Become a Post-Processing Master

Unless you only shoot JPEGs and let the camera do all the processing for you, clicking the shutter button is only half the fun of photography.  Importing your RAW image files into Lightroom, Photoshop, or other editing software allows you the opportunity to really express your creative vision for an image.  Becoming very proficient at using the post-procession software of your choice will give you a better feel for what is possible at the time of capture.  There is tons of detail hidden in the shadow and highlight areas, providing that the detail is not clipped beyond recovery.  There are plenty of video tutorials out there for about any photo editing software you would want to learn.  If Lightroom is your weapon of choice, then take a look at the Lightroom Video Workshop.

Know that you'll never know it all

This probably goes without saying and I'm sure everyone realizes this.  However, it's good to be reminded that there are always new things to learn.  There seem to always be some new gear, new shooting technique, or new post-processing technique to try.  Never become too complacent or content with what you are doing.  Challenge yourself to try new things to improve your photography.  If you don't know how to do something, Google is your friend.  There are tutorials for just about anything related to photography.  If you don't find what your are looking for, make one of your own.  You'd be surprised how much you learn when teaching others how to do something.

Exercise Your Skills

Shoot, shoot, and shoot.  Oftentimes the best way to learn and to improve at something is to just do it.  Always having your camera with you will help with this.  Put everything you have learned into practice.  Photography tends to make you see the world and little differently.  That boring commute to work will suddenly become another opportunity to seek out cool compositions and amazing light.  Visualize how you would approach a shot, even if you're not taking a shot.  What would the composition look like?  What would the camera settings be?  Photograph things that most people would just overlook.  Your friends and family may wonder why you are taking a picture of a leaf on a park bench, but other photographers will smile knowingly.  This is our passion; this is how we get better at doing something that we love to do.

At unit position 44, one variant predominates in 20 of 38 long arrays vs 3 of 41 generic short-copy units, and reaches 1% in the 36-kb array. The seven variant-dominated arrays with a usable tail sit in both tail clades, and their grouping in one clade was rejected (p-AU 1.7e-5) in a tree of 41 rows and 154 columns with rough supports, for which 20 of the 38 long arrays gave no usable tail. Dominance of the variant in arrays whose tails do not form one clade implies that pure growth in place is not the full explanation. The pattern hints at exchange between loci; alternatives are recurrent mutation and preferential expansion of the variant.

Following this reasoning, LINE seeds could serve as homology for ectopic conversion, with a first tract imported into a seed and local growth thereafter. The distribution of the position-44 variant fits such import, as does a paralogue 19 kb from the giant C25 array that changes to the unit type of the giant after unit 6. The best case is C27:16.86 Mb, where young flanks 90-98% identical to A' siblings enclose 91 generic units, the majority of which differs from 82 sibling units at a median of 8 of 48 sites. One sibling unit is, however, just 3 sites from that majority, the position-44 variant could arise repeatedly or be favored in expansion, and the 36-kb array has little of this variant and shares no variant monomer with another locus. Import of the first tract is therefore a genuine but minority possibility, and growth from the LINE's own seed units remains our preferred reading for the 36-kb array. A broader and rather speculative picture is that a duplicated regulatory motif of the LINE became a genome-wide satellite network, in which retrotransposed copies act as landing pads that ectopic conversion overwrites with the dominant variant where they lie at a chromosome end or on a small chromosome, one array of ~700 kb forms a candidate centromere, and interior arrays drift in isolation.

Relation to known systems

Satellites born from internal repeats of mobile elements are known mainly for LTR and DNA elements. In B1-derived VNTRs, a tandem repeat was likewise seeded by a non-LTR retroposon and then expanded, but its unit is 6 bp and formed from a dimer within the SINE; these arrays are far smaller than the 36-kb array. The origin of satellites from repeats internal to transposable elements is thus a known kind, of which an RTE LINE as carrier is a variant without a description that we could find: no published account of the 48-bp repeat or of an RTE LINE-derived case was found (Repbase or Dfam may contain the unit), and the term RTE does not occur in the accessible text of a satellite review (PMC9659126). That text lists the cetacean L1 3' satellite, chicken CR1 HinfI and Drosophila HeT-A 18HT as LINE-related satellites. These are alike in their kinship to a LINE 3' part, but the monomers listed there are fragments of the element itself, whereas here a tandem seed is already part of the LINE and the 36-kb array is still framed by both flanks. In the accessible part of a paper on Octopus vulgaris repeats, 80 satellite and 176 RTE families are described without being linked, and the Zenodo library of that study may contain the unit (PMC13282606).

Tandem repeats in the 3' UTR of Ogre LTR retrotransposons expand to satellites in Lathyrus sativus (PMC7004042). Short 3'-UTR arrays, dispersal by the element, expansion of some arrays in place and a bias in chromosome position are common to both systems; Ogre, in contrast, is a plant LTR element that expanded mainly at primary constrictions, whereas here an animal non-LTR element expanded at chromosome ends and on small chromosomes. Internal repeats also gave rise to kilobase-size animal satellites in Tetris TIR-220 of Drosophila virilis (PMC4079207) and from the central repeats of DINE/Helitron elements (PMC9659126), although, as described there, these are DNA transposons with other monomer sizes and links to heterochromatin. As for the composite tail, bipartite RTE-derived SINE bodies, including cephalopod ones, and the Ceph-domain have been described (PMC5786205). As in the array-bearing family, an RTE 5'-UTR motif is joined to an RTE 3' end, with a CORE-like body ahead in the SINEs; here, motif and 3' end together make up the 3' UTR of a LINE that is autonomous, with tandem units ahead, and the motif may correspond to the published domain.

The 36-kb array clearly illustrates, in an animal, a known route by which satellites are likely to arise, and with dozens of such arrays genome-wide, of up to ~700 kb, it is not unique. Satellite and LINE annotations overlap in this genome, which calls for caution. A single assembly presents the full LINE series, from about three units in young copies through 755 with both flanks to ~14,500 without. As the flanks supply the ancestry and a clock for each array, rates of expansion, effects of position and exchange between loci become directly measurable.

So there you have it.  This is certainly not the be-all end-all list of things to do to improve your photography.  It is a good start, though.  Get that camera out and get to snapping.  There will still be plenty of bad pictures, but there will also be some amazing images created.

7 thoughts on “16 Ways to Improve Your Photography”

  1. Great article Rusty! Thanks for the advice. And, your photos that accompanied the articles are top notch!

  2. Great article, Rusty! I completely agree with your mention of the portfolio reviews offered by this site. The excellent feedback from Jim Harmer and his team has advanced my landscape photography further than any other source. Learning about your camera is also important. You don’t want to miss that great shot because of a forgotten camera function! Finally, I always take some kind of camera with me. Many times a beautiful scene has appeared during an otherwise ordinary drive, and a quick stop and a DSLR captured everything.

  3. Thanks Marc, I appreciate the feedback! Glad you enjoyed the article. Couldn’t agree more with everything you said. There is always so many ways to improve and lots of new challenges. That’s what make photography so much fun!

  4. Great article, Rusty! I completely agree with your mention of the portfolio reviews offered by this site. The excellent feedback from Jim Harmer and his team has advanced my landscape photography further than any other source. Learning about your camera is also important. You don’t want to miss that great shot because of a forgotten camera function! Finally, I always take some kind of camera with me. Many times a beautiful scene has appeared during an otherwise ordinary drive, and a quick stop and a DSLR captured everything.

Comments are closed.

Scroll to Top